Written by Jane/Chilly Hollow
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February Canvas of the Month (Jane)

The February Canvas of the Month is a new Melissa Shirley canvas called Blue Butterfly Clutch #1363F. This design is 16 inches wide and 9 inches high on 18 count canvas. This design comes on 13 count canvas also, and is available as a smaller pillow design that doesn't have the elaborate side panels.

Jane's Blue Butterfly Canvas:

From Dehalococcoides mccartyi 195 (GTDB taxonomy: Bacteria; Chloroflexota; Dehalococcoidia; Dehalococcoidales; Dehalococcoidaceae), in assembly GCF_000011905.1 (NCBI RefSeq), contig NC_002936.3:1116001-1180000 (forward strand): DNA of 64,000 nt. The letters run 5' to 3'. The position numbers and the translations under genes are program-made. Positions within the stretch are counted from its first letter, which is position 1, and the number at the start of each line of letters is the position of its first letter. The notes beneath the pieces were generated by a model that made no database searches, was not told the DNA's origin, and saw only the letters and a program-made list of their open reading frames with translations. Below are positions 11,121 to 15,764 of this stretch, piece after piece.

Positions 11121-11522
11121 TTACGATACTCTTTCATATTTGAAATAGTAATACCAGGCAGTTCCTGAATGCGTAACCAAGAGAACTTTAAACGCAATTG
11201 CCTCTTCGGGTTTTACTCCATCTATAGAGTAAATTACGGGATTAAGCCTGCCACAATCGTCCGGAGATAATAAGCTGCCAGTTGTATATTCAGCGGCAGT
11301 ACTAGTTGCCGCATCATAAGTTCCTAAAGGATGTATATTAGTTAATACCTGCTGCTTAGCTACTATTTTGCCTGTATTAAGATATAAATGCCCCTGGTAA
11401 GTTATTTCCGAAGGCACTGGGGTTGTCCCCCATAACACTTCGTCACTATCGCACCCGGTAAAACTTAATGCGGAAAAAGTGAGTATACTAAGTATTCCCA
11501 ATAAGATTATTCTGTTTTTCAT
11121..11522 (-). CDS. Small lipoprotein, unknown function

The blue butterfly purse canvas is done in mostly blue and white with gold lines that divide the panels. The side panels have lavender touches and the butterfly itself has some cream or yellow, browns and possibly black on its wings and body. Since this is designed to be made up into a pocketbook, I need to use durable threads that will stand up to handling. I also want threads that have a bit of shine to them so the natural choice is to pick threads from the silk/wool blends like Silk & Ivory/Trio, Impressions or Silk n Cream. All seem to have good blues and lavenders and snow whites as well as a nice selection of browns and deepest black, but I think I'll add Vineyard Silks (which is all silk in a tapestry-type thread) to my mental stitching of this canvas as it has the Shimmer line that has metallic fibers mixed in.